Friday Favorites 8/8/2014

amadeusThere are films I can watch again and again.  My wife, Muri, finds that a bit peculiar but I look at it this way: Don’t we listen to the same song, the same concerto, again and again, even though we know every lyric and every note by heart?  Just as we wait for the Ode to Joy as we listen to Beethoven’s Ninth Symphony, can’t we anticipate the moment when David and Margaret drive through the falling cherry blossoms to the tune of At Last in Pleasantville? (scene here).   Is reliving the look on the warden’s face when he realizes Andy has escaped in Shawshank Redemption (scene here) any less enjoyable than hearing again that You can check out any time you want but you can never leave from the Hotel California?

Wednesday night, I settled into my recliner to watch the Milos Forman film, Amadeus.  In may ways, Amadeus could be my favorite film … it combines an intriguing, historically based plot, interesting characters, amazing performances, a gorgeous recreation of 19th century Vienna, and Mozart’s incredible music.  I do, however, have to be in a certain mood to watch it.  For one, it has so many of those moments I love that it requires my almost undivided attention (meaning: no blogging).  Tom Hulce’s portrayal of the petulant, vulgar and rude Amadeus (which is apparently fairly true to the man) is so annoying that it’s hard not to root for Solieri stop messing around and kill him off.  In case you missed it, Antonio Solieri is the established court composer for the Holy Roman Emperor Joseph II when the young and arrogant Mozart arrives on the scene.   In Mozart’s work, Solieri can hear the voice of God and he becomes increasingly bitter that while God has given him the ability to hear the divine in music, he has given the ability to create such music to to a vulgar, crude boy.  He begins to work behind the scenes to thwart Mozart’s success, eventually secretly commissioning a Requiem Mass that he will steal after murdering Amadeus and claim as his own composition.   The contrast between Solieri’s hate for Mozart and the reluctant joy he feels in listening to his music drives the film.  In this scene, Solieiri realizes Mozart’s brilliance as he reads several Mozart scores brought to him by Amadeus’ wife, Constanza.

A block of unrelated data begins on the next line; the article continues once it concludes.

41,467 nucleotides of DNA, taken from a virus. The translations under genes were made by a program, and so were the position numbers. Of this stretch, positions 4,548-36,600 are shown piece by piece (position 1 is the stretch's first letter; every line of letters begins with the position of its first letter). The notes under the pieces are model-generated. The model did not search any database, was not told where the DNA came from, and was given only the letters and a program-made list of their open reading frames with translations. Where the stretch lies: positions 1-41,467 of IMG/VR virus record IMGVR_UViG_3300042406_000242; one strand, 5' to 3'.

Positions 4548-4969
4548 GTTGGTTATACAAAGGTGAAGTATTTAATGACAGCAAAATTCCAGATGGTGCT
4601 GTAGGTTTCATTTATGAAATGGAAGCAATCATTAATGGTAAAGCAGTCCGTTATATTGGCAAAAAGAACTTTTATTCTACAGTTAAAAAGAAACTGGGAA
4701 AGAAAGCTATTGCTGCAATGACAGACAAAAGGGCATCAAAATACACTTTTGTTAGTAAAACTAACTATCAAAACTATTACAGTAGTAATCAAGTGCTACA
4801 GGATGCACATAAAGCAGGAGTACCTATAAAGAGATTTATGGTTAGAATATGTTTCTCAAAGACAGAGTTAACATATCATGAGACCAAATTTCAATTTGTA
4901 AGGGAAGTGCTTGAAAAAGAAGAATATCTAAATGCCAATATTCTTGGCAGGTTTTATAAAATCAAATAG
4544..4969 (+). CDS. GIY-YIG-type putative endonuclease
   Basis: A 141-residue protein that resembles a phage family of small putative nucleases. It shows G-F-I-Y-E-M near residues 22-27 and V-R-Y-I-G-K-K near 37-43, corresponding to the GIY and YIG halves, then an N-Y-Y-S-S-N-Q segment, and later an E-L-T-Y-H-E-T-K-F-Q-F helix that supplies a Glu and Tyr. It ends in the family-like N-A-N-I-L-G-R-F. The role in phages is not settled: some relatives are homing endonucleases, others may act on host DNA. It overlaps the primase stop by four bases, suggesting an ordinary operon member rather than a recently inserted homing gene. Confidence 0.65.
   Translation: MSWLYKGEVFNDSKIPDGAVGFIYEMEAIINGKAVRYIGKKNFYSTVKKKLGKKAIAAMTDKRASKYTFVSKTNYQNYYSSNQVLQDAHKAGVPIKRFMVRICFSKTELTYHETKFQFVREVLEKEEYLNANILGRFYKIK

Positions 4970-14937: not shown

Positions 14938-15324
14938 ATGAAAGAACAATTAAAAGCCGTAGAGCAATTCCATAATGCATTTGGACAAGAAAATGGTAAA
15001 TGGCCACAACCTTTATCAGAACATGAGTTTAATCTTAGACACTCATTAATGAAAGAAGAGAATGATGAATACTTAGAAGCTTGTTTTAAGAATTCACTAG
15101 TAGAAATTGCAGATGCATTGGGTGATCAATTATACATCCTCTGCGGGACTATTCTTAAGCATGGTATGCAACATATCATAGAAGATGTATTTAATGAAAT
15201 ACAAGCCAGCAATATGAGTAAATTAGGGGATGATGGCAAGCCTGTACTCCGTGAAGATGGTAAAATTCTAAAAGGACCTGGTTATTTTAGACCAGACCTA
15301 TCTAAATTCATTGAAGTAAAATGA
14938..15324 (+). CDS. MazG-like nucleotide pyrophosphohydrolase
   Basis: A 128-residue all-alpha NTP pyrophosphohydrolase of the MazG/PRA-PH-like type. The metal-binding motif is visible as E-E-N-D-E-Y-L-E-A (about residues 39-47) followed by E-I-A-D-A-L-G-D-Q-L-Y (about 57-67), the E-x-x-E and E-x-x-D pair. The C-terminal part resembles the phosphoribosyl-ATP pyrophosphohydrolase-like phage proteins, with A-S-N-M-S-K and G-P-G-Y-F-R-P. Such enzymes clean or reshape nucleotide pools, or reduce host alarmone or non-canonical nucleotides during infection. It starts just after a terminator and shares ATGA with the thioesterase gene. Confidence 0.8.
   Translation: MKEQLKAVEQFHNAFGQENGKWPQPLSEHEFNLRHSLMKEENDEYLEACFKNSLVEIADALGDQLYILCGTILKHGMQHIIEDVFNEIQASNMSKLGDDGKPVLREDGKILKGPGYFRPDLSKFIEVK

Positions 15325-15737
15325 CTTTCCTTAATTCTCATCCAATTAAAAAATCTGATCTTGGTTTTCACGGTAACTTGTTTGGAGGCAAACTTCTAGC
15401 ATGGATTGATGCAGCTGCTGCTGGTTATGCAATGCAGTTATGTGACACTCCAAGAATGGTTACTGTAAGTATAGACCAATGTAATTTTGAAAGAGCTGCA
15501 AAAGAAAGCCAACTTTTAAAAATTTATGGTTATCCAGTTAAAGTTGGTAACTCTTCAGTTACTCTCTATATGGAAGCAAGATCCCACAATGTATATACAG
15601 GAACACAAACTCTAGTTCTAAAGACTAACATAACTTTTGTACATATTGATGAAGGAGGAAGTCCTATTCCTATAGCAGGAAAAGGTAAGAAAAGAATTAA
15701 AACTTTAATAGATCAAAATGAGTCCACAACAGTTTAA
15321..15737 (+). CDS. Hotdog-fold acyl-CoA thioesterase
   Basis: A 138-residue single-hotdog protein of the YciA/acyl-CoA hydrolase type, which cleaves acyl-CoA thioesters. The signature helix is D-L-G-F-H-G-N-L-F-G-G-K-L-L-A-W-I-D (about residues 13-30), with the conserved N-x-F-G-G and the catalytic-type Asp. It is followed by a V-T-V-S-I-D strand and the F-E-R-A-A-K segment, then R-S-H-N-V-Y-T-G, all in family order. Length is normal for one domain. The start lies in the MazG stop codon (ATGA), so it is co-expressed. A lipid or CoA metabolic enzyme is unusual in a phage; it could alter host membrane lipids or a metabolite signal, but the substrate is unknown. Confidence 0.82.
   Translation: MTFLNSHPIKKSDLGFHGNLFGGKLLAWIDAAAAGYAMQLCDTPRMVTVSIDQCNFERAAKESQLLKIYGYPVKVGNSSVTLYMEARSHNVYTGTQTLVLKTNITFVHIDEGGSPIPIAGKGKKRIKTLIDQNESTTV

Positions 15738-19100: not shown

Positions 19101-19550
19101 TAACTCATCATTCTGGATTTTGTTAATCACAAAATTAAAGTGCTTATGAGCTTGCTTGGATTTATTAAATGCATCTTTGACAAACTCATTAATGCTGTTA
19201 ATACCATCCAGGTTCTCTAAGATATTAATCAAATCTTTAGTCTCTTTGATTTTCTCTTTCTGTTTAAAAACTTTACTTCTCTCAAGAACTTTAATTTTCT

As someone who’s always loved music beyond words but never been able to create it, I’ve always found Solieri a kindred spirit.   No, I’m not going to hunt down Peter White (you see, Peter White is my favorite guitarist and if I was really like Solieri, I’d … oh, never mind).  The music is, of course, amazing, as is F. Murray Abraham’s portrayal of Solieri.

Of course, there are those (Older Eyes among them) who ask if there’s any truth in the story.  Solieri did, in his later years, claim to have poisoned Mozart and there were times during his decline that Mozart believed his was being poisoned.  However, while Solieri and Mozart were certainly professional rivals at times, their relationship was amicable and it is very unlikely that Solieri murdered Amadeus.  Solieri had a much richer life … including a marriage and eight children … and much more personal success than depicted in the film, just as Mozart’s opera’s were very popular at the time and did not close after a few performances.   While his work was certainly not on the level of Mozart’s, Solieri is well regarded as a composer and musician.  You can read more about Mozart and Solieri here and here if you are interested.  But all of that doesn’t detract from the quality of the film … or the drama of the (semi-fictional) screenplay by Peter Shaffer.

If you haven’t seen Amadeus, by all means do so.  And if you have, set aside a couple hours and enjoy it again.  It’s a Friday Favorite.

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